July-20 Settled in court
- Posted by CERC India
- Posted in Uncategorized
The Coronavirus pandemic has resulted in many unprecedented issues arising for citizens. The courts are conducting virtual hearings through video conferring and along with other important cases, attending to urgent issues arising due to the COVID-19 crisis. We bring you some cases, in brief, which have impacted consumers in this situation.
PIL in Bombay HC to cap prices of N95 masks
A Public Interest Litigation (PIL) was filed in the Bombay High Court against rampant black marketing and profiteering in the sale of N95 face masks during the COVID-19 pandemic by journalist Sucheta Dalal and activist Anjali Damania.
Their NGOs had procured N95 masks at the rate of Rs. 40-60 to provide these to frontline medical workers. On trying to procure again, they were told that the entire stock was taken over by the Government. Meanwhile, they were contacted by multiple sellers offering to sell the N95 masks at a markup of over 150%.
Ministry of Consumer Affairs, Food and Public Distribution notified an order under the Essential Commodities Act, 1955 on 13 March, to declare 2 ply and 3 ply surgical masks, N95 masks and hand sanitisers as essential commodities till June 30, 2020. It has also issued an advisory under the Legal Metrology Act to ensure that they are not sold at prices above MRP.
The court was requested to ensure adequate availability of masks at fair prices. Confiscation of hoarded N95 masks and prosecution of companies/ individuals doing so for illegal profiteering was also requested.
The HC asked the Centre on 19 May to reply by 22 May as to why there is no cap on the prices of N95 masks, especially since it has been notified as an essential commodity. Subsequently, on 21 May, the National Pharmaceutical Pricing Authority (NPPA) has asked all suppliers of N95 masks to maintain parity in prices and make them available at reasonable process. However, they have not indicated a reasonable price or capped the price of the masks.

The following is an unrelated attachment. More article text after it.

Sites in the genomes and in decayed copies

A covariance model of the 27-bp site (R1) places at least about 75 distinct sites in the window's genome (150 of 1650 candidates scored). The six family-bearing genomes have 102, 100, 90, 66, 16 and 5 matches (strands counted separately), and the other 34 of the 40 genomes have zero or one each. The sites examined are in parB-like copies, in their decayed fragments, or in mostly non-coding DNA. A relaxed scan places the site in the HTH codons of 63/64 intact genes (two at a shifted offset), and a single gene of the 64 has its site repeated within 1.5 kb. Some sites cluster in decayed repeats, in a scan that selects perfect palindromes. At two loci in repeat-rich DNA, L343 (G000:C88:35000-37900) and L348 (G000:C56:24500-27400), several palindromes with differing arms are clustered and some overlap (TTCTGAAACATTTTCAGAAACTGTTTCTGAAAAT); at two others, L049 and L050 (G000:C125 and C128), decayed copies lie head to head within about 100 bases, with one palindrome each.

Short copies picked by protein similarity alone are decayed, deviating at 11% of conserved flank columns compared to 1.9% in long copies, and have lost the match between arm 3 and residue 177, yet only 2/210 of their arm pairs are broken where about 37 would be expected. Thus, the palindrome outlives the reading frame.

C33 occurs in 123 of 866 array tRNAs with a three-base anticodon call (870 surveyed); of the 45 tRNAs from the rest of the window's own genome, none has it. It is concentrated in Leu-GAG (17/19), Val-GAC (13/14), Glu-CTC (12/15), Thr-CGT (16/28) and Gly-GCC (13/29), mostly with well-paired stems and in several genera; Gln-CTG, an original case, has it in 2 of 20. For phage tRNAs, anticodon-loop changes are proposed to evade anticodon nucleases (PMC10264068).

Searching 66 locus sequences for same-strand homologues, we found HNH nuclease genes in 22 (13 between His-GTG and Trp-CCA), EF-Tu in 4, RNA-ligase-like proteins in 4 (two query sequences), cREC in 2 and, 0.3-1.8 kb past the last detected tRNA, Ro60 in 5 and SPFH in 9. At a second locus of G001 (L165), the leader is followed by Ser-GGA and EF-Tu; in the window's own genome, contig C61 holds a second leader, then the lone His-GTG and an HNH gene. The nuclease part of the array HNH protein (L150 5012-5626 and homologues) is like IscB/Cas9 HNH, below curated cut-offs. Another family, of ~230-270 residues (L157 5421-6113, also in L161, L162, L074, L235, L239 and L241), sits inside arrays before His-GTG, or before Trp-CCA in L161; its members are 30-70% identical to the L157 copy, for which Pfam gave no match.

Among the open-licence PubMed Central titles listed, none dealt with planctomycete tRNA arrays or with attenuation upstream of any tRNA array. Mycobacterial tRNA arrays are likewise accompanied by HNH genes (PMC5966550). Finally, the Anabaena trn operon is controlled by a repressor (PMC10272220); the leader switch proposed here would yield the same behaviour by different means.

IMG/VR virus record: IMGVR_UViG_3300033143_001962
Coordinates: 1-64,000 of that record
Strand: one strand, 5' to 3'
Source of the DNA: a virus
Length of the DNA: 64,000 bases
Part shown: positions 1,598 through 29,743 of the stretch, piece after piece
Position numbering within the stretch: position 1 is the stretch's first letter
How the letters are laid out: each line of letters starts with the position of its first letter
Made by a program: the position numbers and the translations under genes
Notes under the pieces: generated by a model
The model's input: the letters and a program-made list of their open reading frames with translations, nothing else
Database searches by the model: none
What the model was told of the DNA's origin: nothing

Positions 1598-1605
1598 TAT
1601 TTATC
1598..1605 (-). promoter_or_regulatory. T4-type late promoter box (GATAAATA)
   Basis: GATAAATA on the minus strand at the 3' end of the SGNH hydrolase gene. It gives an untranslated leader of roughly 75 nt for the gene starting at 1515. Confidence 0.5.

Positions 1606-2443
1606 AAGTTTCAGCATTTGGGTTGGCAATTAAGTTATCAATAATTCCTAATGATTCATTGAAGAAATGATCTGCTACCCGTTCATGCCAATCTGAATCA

[Source: www.livelaw.in, www.barandbench.com]
SC seeks response from Centre, DGCA for refund of tickets cancelled due to lockdown
A petition has been filed before the Supreme Court by the NGO Pravasi Legal Cell seeking that both domestic and international airlines be directed to refund full amount for tickets cancelled due to suspension of all flights on account of COVID-19, without levy of cancellation charge. Airlines are providing a credit shell valid upto one year instead of granting full refund for tickets so cancelled.
Director General of Civil Aviation (DGCA) has issued a notification on 16 April directing all airlines to refund full amount for tickets booked during the lockdown period. It left out the vast majority of people who had booked tickets for flights before the lockdown and flights ban.
Civil Aviation Requirement of May 2008 issued by the DGCA clearly states that the option of holding the refund amount in credit shell by the airlines shall be the prerogative of the passenger and not a default practice of the airline. It sets a limit of 30 working days for airlines to complete the refund process for tickets.
The SC bench heard the matter through video-conferencing and issued notices on 27 April to the Centre and the DGCA on the plea that urged the court to declare the non-refund of tickets as illegal and violative of DGCA issued Civil Aviation Requirement.
[Source: The order of the Supreme Court of India (Record of proceedings), dated 27 April 2020 on Writ Petition (Civil) No. 10966/2020]